• Display Impression Share: The impression you’ve received on the Display Network divided by the estimated number of impression you were eligible to receive. So the percentage of users that you showed to vs the total number that you could have shown to.
  • Display Lost IS (rank): The percentage of time that your ads weren’t shown on the Display Network due to poor Ad Rank. Lost IS (rank) won’t be shown on your Ad Groups tab if you ran out of budget at any point during the date range being examined. This is a good indicator of how high up the page your ads show on average for the Display Network. A high Display Lost IS (rank) percentage means that your ads are getting outbid by a number of competitors and are rarely showing up on the first page.
  • Display Lost IS (budget): The percentage of time that your ads weren’t shown on the Display Network due to insufficient budget. This data is available at the campaign level only. This is an indicator of how far into the day your campaign can afford to show ads. If the Display Lost IS (budget) is at 0% then your daily budget never getting fully spent and your ads can afford to show all day long. If your Display Lost IS (budget) is at 50% then your campaign is running out of budget halfway through the day and can’t afford to show at all in the afternoon.
  • Search Exact Match IS: The impressions you’ve received divide by the estimated number of impressions you were eligible to receive on the Search Network for terms that matched your keywords exactly (or were close variants of your keyword). Not available for shopping campaigns. This is an indicator of how often people search one of your paid keywords word for word, and now often you missed out on those exact match searches.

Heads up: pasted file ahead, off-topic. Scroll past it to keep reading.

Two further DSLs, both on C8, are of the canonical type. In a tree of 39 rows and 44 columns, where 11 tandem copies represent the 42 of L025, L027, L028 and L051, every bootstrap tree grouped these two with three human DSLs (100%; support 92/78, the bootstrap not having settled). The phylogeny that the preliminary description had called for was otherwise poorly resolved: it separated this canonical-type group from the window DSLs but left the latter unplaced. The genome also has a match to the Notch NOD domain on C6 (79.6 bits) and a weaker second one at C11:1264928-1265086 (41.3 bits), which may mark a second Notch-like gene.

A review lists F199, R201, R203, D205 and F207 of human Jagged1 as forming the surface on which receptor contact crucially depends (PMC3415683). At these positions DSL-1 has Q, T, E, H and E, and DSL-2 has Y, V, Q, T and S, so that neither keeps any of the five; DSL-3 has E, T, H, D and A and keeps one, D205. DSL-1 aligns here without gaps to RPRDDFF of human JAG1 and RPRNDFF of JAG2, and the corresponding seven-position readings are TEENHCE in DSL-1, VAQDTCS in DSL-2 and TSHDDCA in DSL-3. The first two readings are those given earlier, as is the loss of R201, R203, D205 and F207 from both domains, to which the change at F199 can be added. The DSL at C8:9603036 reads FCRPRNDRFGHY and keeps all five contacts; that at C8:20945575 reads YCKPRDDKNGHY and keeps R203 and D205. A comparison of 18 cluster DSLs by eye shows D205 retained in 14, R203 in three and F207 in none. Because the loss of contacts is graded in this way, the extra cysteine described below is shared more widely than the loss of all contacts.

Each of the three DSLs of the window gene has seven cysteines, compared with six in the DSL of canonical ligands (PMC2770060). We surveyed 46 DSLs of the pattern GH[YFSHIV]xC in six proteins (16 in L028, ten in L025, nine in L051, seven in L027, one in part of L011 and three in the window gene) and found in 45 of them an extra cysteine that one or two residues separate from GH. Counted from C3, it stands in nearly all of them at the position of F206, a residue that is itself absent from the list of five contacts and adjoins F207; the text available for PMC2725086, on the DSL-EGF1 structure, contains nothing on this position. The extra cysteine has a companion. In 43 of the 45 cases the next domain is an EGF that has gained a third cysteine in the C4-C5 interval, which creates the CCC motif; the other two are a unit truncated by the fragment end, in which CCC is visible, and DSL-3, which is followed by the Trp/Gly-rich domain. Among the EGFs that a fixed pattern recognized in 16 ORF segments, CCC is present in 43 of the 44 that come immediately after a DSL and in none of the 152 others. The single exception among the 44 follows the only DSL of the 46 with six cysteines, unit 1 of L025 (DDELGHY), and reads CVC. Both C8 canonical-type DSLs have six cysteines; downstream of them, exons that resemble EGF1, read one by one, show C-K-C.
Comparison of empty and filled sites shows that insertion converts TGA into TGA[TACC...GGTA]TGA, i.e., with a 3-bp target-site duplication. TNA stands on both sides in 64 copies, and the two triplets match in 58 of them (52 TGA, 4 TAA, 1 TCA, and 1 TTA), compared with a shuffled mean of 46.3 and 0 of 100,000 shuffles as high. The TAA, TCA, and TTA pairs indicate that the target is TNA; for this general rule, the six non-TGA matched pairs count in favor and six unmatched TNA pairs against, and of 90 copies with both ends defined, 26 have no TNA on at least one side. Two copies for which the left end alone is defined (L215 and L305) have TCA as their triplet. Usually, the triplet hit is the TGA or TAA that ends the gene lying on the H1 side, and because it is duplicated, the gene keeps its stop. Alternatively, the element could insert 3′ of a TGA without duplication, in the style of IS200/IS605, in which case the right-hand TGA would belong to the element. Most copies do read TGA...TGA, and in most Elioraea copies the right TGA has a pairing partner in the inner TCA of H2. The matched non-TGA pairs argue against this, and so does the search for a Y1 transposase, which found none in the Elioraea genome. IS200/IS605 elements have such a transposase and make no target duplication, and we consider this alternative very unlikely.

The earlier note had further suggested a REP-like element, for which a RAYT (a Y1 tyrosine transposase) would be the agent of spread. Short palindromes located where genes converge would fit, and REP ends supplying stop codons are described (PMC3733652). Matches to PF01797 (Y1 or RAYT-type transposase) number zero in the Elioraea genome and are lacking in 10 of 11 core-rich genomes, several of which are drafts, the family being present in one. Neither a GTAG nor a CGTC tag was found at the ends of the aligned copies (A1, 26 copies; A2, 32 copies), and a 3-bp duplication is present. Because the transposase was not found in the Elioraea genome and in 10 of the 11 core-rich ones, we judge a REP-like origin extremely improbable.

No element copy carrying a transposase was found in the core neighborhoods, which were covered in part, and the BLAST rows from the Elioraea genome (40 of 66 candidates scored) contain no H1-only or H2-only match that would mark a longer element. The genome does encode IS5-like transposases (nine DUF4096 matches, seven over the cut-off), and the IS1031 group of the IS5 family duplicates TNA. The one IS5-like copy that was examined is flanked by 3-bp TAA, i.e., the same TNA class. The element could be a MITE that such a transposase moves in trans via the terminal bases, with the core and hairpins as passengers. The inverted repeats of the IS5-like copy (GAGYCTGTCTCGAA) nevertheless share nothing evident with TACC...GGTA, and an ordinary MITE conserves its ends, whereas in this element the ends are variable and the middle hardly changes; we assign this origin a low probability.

Ideally you’ll want to be checking these columns weekly along with statistics like Cost, Clicks and total Conversions. Impression Share is one of the best indicators of your current position in the AdWords market share, and that insight is vital to maintaining a healthy AdWords campaign. An Impression share that gets above 80% indicates that you’re showing to almost every search term relevant to that campaign and it may be time to expand the keyword list or test out the campaign on another ad platform. An impression share that drops below 10% indicates that you’re only showing to a fraction of that campaigns potential relevant search terms and it may be time to reduce bids or increase the daily budget. These are two extreme examples, but hopefully this provides a jumping off point for utilizing Impression Share during your weekly AdWords optimizations. If you run into any issues and feel like your AdWords campaigns could use a professional touch just contact us at Digital Reach and we’ll walk you through Impression Share and the rest of the industry’s best practices.